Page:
December 15th, 2019
Most of us, for one reason or another, try our best to eat healthy food on a regular basis. However, eating nutritious food does not always mean that we’re also eating sustainably. Today it is just as important to eat sustainably as it is to eat a balanced diet.
While it may not seem like it, doing your part to eat sustainably can have a huge impact on the environment. And what’s more, you won’t need to make any life–altering changes to do so.
A few small adjustments are all you’ll need to make. More than anything else, having a little more awareness is the key to a sustainable diet. The SoBe Vegan fam put together a list of easy steps to eat more sustainably. Enjoy!
1. Eat less animal products.
While we may be biased, most people eat meat on a regular basis. Last year, it was estimated that the average American would eat the equivalent of 800 burgers in meat per year.
If people ate just one less burger a week, it would be the equivalent of taking your car off the road for 320 miles. Moreover, making the switch to a plant-based diet will cut your carbon footprint in half.
Aside from individual health benefits, going vegan helps leave more fresh water available to the planet, reduces the amount of methane pumped into the atmosphere, and saves land from being taken over for animal agriculture.
If you’re not willing to make the full switch to a plant-based diet and eliminating meat, try eating one less burger or chicken sandwich per week. And, if you’re not willing to give that up, head to SoBe Vegan and get a delicious burger, free of guilt!
2. Quit purchasing plastic water bottles.
Plastic is wasteful and often not recycled, leaving a destructive effect on our planet. Single-use water bottles are one of the main ways that plastic has infiltrated our daily lives.
Plastic is also highly unreliable. When a plastic bottle is heated or warped, perhaps when sitting in your car on a hot day, the chemicals that make up its composition can leak into the water. Let’s pass on the toxin water, shall we?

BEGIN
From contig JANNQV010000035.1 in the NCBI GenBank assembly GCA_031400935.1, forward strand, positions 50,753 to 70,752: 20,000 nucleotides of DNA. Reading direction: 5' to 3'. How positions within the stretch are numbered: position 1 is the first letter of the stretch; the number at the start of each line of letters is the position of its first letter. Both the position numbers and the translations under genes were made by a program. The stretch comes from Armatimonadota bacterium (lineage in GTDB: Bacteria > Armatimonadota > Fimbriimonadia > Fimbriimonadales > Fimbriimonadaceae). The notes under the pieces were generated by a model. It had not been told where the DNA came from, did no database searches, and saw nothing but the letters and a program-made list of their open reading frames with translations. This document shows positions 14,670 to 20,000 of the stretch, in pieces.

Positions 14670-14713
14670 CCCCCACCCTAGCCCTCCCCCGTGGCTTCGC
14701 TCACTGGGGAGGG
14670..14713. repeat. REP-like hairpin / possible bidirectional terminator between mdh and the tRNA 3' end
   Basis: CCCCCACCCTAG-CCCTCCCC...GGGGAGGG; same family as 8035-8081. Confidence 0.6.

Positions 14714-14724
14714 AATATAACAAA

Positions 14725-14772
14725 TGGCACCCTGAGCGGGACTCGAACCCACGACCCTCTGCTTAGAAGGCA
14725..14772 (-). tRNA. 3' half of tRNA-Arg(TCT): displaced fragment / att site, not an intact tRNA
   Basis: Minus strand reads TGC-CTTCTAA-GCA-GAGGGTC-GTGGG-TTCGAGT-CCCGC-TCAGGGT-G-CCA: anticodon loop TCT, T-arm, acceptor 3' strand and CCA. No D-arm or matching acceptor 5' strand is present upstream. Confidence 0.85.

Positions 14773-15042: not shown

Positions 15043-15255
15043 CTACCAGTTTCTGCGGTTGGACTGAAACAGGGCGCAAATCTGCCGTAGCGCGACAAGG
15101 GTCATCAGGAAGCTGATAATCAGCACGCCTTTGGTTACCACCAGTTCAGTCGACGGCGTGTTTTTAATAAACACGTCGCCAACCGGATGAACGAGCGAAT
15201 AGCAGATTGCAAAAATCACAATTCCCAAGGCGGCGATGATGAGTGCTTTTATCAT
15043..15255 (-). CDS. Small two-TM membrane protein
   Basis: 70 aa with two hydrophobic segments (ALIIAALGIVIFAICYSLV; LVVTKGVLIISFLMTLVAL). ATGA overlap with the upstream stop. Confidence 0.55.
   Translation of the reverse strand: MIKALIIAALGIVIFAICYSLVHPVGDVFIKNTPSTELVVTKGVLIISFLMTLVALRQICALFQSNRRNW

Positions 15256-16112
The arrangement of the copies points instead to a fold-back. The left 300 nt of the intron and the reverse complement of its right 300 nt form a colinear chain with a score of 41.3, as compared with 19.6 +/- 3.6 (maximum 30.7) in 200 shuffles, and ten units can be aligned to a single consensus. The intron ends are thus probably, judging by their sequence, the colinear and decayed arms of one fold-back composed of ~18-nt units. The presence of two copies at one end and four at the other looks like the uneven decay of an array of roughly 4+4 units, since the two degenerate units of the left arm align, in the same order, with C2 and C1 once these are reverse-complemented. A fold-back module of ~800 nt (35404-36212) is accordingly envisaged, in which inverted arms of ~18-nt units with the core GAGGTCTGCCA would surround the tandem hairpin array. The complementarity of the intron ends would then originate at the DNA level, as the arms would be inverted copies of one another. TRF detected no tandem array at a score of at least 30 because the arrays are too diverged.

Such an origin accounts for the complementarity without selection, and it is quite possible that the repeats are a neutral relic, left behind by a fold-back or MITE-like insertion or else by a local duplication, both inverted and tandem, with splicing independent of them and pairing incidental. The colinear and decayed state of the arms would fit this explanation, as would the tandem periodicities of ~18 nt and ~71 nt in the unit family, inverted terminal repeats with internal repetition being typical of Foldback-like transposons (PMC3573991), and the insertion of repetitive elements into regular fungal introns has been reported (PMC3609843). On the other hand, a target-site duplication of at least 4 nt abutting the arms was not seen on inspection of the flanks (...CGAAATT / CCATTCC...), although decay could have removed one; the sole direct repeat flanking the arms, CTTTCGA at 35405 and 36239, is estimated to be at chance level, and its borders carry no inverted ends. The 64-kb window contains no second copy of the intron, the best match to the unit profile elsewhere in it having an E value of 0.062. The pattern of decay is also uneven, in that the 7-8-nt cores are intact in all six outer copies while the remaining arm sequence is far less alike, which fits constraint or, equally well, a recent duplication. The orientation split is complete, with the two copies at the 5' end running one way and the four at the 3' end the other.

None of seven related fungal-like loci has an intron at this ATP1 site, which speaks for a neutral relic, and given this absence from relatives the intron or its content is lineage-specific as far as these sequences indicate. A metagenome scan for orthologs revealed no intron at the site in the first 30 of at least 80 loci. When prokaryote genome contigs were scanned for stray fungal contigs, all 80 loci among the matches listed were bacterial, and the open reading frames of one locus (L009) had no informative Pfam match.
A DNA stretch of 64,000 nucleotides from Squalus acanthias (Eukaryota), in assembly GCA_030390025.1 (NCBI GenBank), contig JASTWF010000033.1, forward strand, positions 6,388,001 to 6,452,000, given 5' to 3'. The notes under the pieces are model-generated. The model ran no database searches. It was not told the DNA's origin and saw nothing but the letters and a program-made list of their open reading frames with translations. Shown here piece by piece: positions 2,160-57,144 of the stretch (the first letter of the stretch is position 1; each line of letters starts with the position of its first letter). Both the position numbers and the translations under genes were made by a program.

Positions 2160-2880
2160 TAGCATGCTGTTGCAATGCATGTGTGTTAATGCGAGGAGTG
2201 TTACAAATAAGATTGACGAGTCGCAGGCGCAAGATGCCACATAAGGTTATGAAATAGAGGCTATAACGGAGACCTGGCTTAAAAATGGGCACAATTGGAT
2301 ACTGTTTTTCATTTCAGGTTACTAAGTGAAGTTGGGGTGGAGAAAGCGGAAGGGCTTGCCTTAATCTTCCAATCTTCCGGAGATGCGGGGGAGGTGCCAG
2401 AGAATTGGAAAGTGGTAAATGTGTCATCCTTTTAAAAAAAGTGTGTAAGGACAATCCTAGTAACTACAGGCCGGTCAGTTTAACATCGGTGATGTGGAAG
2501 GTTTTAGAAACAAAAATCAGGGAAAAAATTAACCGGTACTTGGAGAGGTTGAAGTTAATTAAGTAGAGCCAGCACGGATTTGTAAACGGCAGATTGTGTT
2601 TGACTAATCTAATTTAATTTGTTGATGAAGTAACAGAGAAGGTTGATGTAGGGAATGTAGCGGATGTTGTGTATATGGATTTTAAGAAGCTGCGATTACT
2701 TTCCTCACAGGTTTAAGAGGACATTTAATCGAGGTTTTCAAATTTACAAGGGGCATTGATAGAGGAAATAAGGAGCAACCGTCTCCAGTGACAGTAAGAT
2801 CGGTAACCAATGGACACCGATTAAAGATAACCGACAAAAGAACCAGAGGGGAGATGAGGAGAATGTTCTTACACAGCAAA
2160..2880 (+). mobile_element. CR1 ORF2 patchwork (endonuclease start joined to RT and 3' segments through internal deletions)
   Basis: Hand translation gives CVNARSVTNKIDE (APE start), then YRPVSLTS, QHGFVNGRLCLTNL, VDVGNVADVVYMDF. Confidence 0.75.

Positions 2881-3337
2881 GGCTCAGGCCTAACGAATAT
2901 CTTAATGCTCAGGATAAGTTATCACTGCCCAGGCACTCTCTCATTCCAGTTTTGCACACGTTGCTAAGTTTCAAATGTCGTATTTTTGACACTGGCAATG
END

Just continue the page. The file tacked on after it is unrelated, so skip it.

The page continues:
3. Buy as much seasonal produce as possible.
The best way to support your local farmers and businesses is by buying as much seasonal produce as possible. Seasonal produce does not require as much artificial help in growing, so there will be less interference by pesticides and chemicals.
While “exotic” mangoes may seem more appealing, avoiding eating foods that have been shipped in from abroad cuts down on food mileage and thus reduces our carbon footprint.
4. Bring reusable bags to the grocery store.
Another way plastic creeps into our daily routine is via plastic grocery bags. Not only are they prone to tearing and spillage, they are having a detrimental effect on our planet.
Plastic bags take over a thousand years to begin disintegrating and can survive pretty much anything, yet they are estimated to kill between one hundred thousand and one million sea animals each year.
While they aren’t going away anytime soon, one person’s switch from plastic to reusable grocery bags can save up to 22,000 plastic bags in a lifetime. Many grocery stores now charge to bag plastic, and others offer discounts when you bring reusable bags.
5. Buy Fair Trade Certified Foods.
Fair Trade is a global movement that is invested in improving the working conditions of farmers. Furthermore, Fair Trade pledges to hold farmers accountable for the environmental standards they must comply with.
Fair Trade products are made with sustainably sourced soil and water and do not employ the use of GMOs. Most Fair Trade products are also organic.
6. Shop in Bulk!
Shopping for food in bulk can reap many benefits and help you live more sustainably. When you buy in bulk, not only do you save money and utilize great deals, but the food you get will have required less transportation to get to you.
Moreover, buying in bulk wastes much less packaging. In fact, if all Americans purchased bulk items once a week, we would save 26 million pounds of waste going into a landfill in one month alone.
This brings us to our final point, which is to:
7. Eat less processed and packaged foods.
As mentioned, waste from packaged and processed foods has a detrimental effect on the planet. Presently, fruits, veggies, and nuts take up a meager 2% of America’s crop acreage. Sixty percent of it is dedicated to cereal grains that are harvested for packaged foods and edible oils, both of which have low nutritional value.
As a result, we are unknowingly eating a lot of food that is made from products that waste resources to make and take over land that could be used for fresh produce.
The less we eat these products, the less demand there will be for them.
Eating sustainably may seem like a large feat, but it can truly be as simple as paying just a little more attention. By following these steps, you can do your part to take better care of our planet, all while eating a healthier, delectable diet!